For Israel, Obama's Most Important Speech Is the One He Has Yet to Give At UN
Obama made due with a concise statement on the Israel-Palestinian conflict, but after elections in November he could outline his core principles to resolving the conflict, which Netanyahu fears could be a beat away from a UN resolution.
NEW YORK – Prime Minister Benjamin Netanyahu was in Western Europe when United States President Barack Obama took the podium at the United Nations General Assembly on Tuesday to give his eighth and last speech to the annual gathering of world leaders in New York.
Even before he took off on his trip, Netanyahu knew that neither Israel nor the Palestinians would be a central issue in Obama’s speech and, indeed, they weren’t. Nevertheless, in comparison to last year, when Obama didn’t mention the Israeli-Palestinian conflict at all, this year he devoted two-and-a-half sentences to it.
Obama’s speech was a summation of his progressive, liberal, optimistic worldview. He used it primarily to assail all those leaders who for him represent its antithesis – conservatism, pessimism, cynicism and sanctification of the status quo. Even if he didn’t say so directly, he includes both Netanyahu and his Palestinian counterpart Mahmoud Abbas in this category.
In their conduct over the last seven-and-a-half years, Netanyahu and Abbas have been mirror images of each other. Obama will carry the scars of his efforts to push these two leaders to make progress toward peace for many years to come.
Obama mentioned the Israeli-Palestinian conflict briefly, almost cursorily. But he hit the nail on the head in defining the roots of the impasse in the peace process.
On the Palestinian side, there are violence, incitement and a leadership that still refuses to recognize that in order to establish an independent state, it will have to compromise. It will not receive 100 percent of its historical demands, from either the territorial or the national standpoint.
On the Israeli side, there are 50 years of occupation and settlement in the West Bank and East Jerusalem which the leadership not only refuses to stop, but is further entrenching every day, to the point where an irreversible reality is being created – a single state between the Jordan River and the Mediterranean Sea in which almost half the residents lack equal rights.
But Netanyahu knows that the U.S. president’s speech to the UN General Assembly isn’t the important one. The important speech is the one Obama hasn’t yet given – the one that might be given in another two months, after the U.S. presidential election.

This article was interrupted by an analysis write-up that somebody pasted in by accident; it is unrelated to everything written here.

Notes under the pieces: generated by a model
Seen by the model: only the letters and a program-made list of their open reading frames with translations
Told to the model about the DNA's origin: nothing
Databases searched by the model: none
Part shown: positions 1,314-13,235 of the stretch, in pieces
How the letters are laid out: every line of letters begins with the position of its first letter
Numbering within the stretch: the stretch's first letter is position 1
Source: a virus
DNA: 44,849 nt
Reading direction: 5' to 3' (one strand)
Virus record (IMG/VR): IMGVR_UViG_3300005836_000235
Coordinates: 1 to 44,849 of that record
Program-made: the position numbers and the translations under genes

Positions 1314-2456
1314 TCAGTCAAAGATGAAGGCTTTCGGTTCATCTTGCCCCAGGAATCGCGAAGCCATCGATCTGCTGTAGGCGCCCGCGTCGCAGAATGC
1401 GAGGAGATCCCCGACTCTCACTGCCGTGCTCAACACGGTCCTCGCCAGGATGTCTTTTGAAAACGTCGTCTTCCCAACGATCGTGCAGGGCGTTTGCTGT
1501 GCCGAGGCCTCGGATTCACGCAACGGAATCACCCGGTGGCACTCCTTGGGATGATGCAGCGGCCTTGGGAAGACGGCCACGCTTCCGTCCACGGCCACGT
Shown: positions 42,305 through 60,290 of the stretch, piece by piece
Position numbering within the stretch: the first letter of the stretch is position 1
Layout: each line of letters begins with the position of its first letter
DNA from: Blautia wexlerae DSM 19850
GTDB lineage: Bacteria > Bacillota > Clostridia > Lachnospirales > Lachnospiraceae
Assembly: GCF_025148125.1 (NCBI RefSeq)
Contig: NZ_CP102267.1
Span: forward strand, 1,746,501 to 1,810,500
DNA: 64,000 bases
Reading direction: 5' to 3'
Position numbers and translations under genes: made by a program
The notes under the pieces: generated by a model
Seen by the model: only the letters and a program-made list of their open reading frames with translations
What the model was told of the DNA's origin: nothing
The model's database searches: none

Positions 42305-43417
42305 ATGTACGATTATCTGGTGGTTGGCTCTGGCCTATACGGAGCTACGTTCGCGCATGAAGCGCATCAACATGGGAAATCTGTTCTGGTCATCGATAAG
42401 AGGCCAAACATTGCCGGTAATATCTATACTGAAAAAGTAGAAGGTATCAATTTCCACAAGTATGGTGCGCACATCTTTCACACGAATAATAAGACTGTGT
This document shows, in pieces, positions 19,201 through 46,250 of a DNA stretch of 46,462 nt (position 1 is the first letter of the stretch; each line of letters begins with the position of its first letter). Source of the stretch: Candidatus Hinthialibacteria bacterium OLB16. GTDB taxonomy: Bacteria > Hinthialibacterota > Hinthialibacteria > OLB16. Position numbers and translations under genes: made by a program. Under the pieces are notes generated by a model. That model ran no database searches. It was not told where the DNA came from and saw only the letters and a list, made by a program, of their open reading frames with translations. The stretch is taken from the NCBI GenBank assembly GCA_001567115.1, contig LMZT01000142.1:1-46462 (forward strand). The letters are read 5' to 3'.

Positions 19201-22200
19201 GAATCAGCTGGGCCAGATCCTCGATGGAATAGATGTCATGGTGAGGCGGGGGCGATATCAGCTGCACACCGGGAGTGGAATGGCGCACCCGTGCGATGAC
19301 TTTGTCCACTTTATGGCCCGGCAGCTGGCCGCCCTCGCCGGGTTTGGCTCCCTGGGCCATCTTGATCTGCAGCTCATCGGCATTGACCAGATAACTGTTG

It is the speech in which Obama will try to leave a lasting legacy on the Israeli-Palestinian issue by laying down principles for resolving all the core issues: borders, refugees, security and, above all, Jerusalem. Netanyahu’s fear is that once such a speech is given, the road to turning it into a UN Security Council resolution will be short.
That is why the pro-Israel lobby AIPAC has worked hard over the past few weeks, apparently at the urging of Israeli ambassador to the U.S. Ron Dermer, to recruit senators from both parties to sign a letter to Obama on this issue. Of the 100 senators, 88 ultimately signed the letter, which was sent to Obama on Monday. To achieve this impressive number of signatories, it was necessary to make the letter’s wording sufficiently vague.
The senators urged Obama to veto any “one-sided” resolution on the Israeli-Palestinian issue submitted to the UN Security Council by another country prior to January 20, the day he leaves office. The letter doesn’t demand that he refrain from promoting an American initiative, which everyone knows wouldn’t be “one-sided,” but would also demand concessions of the Palestinians. One example of this is America’s support for Israel’s demand that the Palestinians recognize it as the nation-state of the Jewish people.
The White House and the U.S. State Department have been working on various options and scenarios for American action on the Israeli-Palestinian conflict and will eventually bring these ideas to the president for consideration. At this stage, Obama hasn’t yet decided whether he wants to give a speech on the issue or take some other step. And he won’t deal with the issue until after the presidential election in early November.
But if Obama decides to do something, the senators’ letter won’t stop him. And if he decides he wants to do so, he also doesn’t need this letter to veto initiatives by other countries.
On Wednesday, Obama and Netanyahu will meet face to face for the last time. The speech Obama hasn’t yet given and the action he hasn’t yet taken will be the elephant in the room.